Taylor made the decision at a Sept. 11 meeting.
According to Melinda Lemmon, executive director of the Cartersville-Bartow County Department of Economic Development, freeport exemption allows the governing authority of any county or municipality to elect, with the approval of the voters, exemption of the following types of tangible personal property:
n Inventory of goods in the process of being manufactured or produced including raw materials and partly finished goods;
n Inventory of finished goods manufactured or produced within this state held by the manufacturer or producer for a period not to exceed 12 months;
n Inventory of finished goods on Jan. 1 that are stored in a warehouse, dock, or wharf which are destined for shipment outside this state for a period not to exceed 12 months
Previously the exemption was set at 80 percent. Moving to 100 percent has an impact for the future of economic development for the county, Lemmon said.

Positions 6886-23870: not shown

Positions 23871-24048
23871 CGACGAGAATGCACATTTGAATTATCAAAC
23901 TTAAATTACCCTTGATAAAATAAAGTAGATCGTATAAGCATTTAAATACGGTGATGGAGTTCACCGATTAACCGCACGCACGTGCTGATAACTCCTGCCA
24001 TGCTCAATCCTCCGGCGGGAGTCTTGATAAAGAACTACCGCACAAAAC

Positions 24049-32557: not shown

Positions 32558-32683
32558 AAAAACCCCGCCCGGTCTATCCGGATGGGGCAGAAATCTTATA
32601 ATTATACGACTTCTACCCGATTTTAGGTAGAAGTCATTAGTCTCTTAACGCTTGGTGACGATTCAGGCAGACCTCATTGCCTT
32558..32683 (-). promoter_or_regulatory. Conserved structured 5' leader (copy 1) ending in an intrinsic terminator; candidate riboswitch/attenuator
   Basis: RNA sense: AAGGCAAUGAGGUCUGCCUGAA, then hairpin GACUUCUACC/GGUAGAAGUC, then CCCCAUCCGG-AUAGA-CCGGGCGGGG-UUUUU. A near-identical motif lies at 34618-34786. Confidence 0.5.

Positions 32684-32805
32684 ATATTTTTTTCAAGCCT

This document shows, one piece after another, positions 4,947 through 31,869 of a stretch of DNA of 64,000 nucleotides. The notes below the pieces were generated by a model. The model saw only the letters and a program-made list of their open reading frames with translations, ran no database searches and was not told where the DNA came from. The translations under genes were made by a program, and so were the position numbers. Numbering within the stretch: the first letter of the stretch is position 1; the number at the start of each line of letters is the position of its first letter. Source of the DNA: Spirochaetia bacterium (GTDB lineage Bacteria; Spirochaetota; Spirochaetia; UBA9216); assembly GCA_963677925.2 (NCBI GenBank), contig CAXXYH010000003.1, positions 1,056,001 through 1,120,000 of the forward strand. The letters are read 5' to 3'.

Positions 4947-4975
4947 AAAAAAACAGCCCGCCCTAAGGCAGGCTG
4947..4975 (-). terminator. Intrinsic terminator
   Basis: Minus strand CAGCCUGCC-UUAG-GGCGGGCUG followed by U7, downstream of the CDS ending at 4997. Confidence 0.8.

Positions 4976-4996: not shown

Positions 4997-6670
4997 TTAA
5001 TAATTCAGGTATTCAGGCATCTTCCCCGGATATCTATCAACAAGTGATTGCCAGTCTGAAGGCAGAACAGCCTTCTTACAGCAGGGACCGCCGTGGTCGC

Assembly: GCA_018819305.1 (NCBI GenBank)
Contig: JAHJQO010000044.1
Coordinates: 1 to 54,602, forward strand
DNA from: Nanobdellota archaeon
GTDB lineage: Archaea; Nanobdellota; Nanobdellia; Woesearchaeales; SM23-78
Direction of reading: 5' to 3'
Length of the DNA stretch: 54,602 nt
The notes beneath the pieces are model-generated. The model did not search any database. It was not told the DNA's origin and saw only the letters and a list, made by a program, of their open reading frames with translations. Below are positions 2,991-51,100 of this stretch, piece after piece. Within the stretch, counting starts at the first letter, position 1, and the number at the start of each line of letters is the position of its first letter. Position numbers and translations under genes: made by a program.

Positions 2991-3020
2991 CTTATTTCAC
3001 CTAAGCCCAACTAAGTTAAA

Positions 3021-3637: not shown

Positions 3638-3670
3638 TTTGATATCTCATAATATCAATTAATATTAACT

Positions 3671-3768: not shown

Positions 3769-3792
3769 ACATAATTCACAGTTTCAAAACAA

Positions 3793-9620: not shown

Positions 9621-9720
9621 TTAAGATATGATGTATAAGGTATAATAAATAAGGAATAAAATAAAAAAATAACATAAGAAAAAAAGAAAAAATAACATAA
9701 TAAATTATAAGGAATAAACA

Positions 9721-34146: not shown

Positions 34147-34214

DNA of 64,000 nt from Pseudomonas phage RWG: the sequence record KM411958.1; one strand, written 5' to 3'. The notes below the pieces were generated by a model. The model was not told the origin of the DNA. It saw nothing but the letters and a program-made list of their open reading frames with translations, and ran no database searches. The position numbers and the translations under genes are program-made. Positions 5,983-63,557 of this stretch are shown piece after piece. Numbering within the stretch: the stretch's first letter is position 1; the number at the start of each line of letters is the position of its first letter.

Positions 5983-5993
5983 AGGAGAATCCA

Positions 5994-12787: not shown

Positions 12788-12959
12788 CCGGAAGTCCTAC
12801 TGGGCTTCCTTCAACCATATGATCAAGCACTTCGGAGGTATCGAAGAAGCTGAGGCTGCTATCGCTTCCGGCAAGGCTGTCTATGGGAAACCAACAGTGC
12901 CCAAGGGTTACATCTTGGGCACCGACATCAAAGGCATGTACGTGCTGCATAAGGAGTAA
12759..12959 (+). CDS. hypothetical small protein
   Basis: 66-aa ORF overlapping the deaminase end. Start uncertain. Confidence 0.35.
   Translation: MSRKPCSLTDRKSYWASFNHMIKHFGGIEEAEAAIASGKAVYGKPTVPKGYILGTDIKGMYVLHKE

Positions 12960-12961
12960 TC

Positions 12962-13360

“The increase in freeport tax exemption finally means that this issue won’t be an excuse for an opportunity to look elsewhere,” Lemmon said.
Lemmon said she is excited about the message the commissioner is sending to potential businesses interested in finding a home in Bartow County.
“It’s so enjoyable to see the reaction on the faces of visiting business people to hear a consistent, focused, positive message from our leadership that Bartow is open for business, and the proof of that message in decisions such as freeport,” Lemmon said. “We need to appreciate what a rare thing that is. I truly believe that sets us apart.”
Support for a freeport tax exemption of 100 percent had been gaining traction before Taylor’s decision.
The Bartow County School Board became the latest to issue support. During its August business meeting, the board unanimously approved a resolution supporting the exemption.